It goes without saying that electricity is a basic necessity in modern life; from powering your refrigerator to charging your phone, electricity is crucial. The most common method of distribution is through the ubiquitous utility poles but, because they blend into the scenery so well, you hardly notice they are there. Their significance and prevalence, though, are matched by their dangers. Read on to learn more about utility poles and their dangers; the following information is brought to you by Mr. Electric of Atlanta.
Utility Pole Facts
Standard Utility poles are about thirty-five feet tall but can range from twenty to a hundred feet in height. These poles hold up the wires that transfer power and electricity along routes that total an excess of thousands of miles. Wooden poles are the most common and are typically made from Douglas fir, southern pine, or western red cedar. While the wooden poles can last up to forty years, more modern utility poles last much longer as they are made of concrete, steel, and/or fiberglass. Regardless of the material, the poles are buried six feet into the ground and are spaced about 125 feet apart.
Utility Pole Components
Though the pole is the largest component of a utility pole, the wires, lines, and transformers perform the majority of the job.
- Transmission Wires: These wires carry high-voltage electricity between 69 to 500 kilovolts to substations where the voltage is reduced and distributed.
- Distribution Wires: Once the high-voltage electricity is reduced by substations to consumable levels between four and twenty-five kilovolts, distribution lines carry the electricity to homes and businesses.
- Communication Lines: As the name implies, these lines carry cable television, broadband, and telephone wires to consumers.
- Transformers: These large metal transformers further convert high voltage to low voltage consumable by individual homes and businesses.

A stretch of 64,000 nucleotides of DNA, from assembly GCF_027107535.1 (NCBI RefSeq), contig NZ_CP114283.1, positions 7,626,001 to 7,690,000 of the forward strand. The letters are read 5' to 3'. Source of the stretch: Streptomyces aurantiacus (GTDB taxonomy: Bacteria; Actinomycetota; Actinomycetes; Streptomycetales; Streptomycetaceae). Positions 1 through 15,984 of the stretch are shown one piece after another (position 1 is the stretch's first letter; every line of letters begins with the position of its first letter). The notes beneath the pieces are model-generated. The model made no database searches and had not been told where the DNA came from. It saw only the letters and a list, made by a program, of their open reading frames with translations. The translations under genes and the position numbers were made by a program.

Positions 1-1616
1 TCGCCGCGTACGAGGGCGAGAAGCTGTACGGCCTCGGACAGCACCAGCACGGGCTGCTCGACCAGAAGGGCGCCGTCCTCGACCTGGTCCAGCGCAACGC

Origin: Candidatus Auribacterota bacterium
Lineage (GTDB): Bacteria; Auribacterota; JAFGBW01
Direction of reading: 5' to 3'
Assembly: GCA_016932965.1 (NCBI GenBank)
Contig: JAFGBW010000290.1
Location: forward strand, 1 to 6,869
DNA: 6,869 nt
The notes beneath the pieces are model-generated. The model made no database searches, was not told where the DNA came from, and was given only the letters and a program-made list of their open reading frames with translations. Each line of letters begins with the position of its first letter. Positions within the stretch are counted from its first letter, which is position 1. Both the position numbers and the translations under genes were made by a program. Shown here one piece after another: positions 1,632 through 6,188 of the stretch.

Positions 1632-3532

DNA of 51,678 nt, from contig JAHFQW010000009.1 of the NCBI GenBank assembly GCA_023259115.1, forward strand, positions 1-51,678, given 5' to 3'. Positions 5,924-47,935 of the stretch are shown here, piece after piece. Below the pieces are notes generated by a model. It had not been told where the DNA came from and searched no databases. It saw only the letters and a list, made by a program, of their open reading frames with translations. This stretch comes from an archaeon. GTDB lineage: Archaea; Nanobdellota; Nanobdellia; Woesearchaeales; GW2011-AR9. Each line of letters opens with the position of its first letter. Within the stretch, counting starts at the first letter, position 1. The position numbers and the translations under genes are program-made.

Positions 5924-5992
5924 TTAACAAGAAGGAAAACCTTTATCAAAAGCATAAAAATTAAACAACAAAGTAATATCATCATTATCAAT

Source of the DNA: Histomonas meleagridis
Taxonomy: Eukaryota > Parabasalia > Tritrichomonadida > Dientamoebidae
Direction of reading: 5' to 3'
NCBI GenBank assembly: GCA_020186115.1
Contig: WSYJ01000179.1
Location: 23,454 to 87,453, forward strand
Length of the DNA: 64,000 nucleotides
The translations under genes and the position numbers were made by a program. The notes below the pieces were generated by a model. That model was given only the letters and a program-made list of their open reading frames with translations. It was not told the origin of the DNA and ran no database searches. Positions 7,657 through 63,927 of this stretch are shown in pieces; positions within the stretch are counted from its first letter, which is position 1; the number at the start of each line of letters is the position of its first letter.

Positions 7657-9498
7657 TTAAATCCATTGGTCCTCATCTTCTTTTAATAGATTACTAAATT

Utility Pole Dangers
The practicality of utility poles is easily matched by the gravity of their dangers. These dangers are both inherent and extrinsic:
- Leaning Poles: As mentioned earlier, most utility poles are wooden and prone to old age or insect damage. Utility poles, regardless of material, are also susceptible to natural forces. All of this is to say utility poles may lean or fall over despite their deep footing. When they do come crashing down, the wires and transformers can cause property damage and/or personal injury.
- Lethal Voltage: Transmission wires carry deadly electricity with voltage up to 500 kilovolts; even the voltage in distribution wires can cause serious injuries that may require an amputation or cause a heart to stop.
- Stray Voltage: Though direct voltage through wires are the main concern, stray voltage is also dangerous. The insulation covering wires naturally degrade and electricity can travel through soil into surrounding metal objects such as steel utility poles, streetlights, fire hydrants, and manhole covers. Stray voltage may strike bare hands and feet, especially during and after rain, causing a shock that may rattle your body or injure you.
- Chemical Toxins: Wooden poles are often treated with chemicals to help preserve them as well as defend them against insects. However, these preservatives can be harmful for your health potentially causing cancer, birth defects, and nervous system damage.
Call Mr. Electric of Atlanta
At Mr. Electric of Atlanta, our local electricians can help mitigate the dangers of utility poles with our electrical safety services. If you are concerned about a leaning utility pole, exposed wires, stray voltage, or chemical exposure that can put you or your family at risk then please give us a call and see what we can do for you.